The government’s use of the word `scourge’ in describing domestic labor movements has angered labor activists.
In an English report that the government submitted to the Organization of Economic Cooperation and Development (OECD) early this month explaining the labor situation in Korea, the government used the emotionally-loaded word ``scourge’’ in describing labor union movements.
After explaining how South Korea’s working conditions have improved, the report said, ``However, one scourge on this overall positive picture in labor relations is the continually excessive labor movements conducted by some labor organizations such as the Korean Confederation of Trade Unions (KCTU), who refuse dialogue or compromise, and instead pursue escalating violent measures to obtain complete acquiescence on the part of the government.’’
It also went on to say that ``such activities remain a major impediment to the continued development of labor-management relations in Korea.’’
KCTU and Rep. Dan Byung-ho of the Labor Democratic Party criticized the government saying that such use of the word ``scourge’’ and the description of labor organizations as violent and deterrent demonstrate the government’s biased view and prejudice toward labor organizations.
``It clearly shows that the government is narrow-minded and intolerant of activities of labor organizations,’’ said Dan.
Regarding the criticism, Labor Minister Lee Sang-soo admitted that some of the words in the report were too extreme and improper for use in an official document. However, the Ministry of Labor at the same time said that the word ``scourge’’ in the sentence was used to imply ``worry’,’’ and not ``plague’’ or ``disaster’’ as labor organizations claim.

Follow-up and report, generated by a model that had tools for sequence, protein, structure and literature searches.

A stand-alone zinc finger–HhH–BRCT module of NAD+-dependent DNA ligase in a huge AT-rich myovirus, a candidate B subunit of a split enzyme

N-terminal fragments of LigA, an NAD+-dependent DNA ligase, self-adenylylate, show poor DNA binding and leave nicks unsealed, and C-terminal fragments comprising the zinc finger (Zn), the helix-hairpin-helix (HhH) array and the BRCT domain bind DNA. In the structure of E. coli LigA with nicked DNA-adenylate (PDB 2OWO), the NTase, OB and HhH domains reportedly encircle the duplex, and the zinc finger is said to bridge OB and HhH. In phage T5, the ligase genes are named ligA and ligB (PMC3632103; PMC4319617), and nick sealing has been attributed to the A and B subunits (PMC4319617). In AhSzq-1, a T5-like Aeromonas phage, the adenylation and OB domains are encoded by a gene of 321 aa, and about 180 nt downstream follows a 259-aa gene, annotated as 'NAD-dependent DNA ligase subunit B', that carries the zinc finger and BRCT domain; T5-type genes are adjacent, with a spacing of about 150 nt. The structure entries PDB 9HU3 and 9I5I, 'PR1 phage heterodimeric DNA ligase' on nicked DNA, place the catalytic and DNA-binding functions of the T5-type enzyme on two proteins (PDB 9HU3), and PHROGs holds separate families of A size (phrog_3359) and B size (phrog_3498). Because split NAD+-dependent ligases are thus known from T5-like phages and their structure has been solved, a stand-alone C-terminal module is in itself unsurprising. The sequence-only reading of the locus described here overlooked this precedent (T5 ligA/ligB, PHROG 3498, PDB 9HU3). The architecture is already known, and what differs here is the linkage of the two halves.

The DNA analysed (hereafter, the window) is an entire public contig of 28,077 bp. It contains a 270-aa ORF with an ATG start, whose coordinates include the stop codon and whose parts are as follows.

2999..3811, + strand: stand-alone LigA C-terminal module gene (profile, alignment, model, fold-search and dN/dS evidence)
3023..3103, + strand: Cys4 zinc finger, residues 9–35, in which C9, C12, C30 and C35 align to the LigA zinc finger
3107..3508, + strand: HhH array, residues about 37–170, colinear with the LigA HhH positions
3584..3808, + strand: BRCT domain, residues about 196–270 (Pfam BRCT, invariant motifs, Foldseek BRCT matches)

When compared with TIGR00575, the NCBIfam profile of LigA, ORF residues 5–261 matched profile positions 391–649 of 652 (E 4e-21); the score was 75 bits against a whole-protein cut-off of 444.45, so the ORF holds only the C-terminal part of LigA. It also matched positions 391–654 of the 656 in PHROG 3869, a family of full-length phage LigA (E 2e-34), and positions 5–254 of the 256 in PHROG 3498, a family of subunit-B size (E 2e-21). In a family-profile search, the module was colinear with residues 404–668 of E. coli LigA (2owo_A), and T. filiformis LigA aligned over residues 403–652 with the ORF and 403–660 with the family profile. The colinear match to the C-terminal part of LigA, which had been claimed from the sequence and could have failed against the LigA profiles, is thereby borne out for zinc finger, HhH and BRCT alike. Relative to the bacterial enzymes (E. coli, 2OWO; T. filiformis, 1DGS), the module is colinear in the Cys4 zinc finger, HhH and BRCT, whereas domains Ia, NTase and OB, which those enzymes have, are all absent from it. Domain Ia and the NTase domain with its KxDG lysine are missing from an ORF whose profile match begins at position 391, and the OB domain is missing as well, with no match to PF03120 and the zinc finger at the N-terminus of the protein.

The government’s report was made in order to express its disagreement on the report made by the International Confederation of Free Trade Unions (ICFTU), the Trade Union Advisory Committee (TUAC) and a delegation of the Global Unions Federations (GUF) which recently conducted a fact-finding mission prior to the 14th International Labor Organizations( ILO) Asian Regional Meeting in Pusan.
Through the report, the ICFTU, TUAC, and GUF had urged the South Korean government to respect ILO’s core standards. They called for an immediate release the trade unionists detained and strongly condemned the violation of public servants' right to freedom of association, which includes a series of forced closures of many union offices in 2006. It also focused on the grave situation faced by construction workers, migrants and irregular workers, a category which represents the vast majority of the workforce.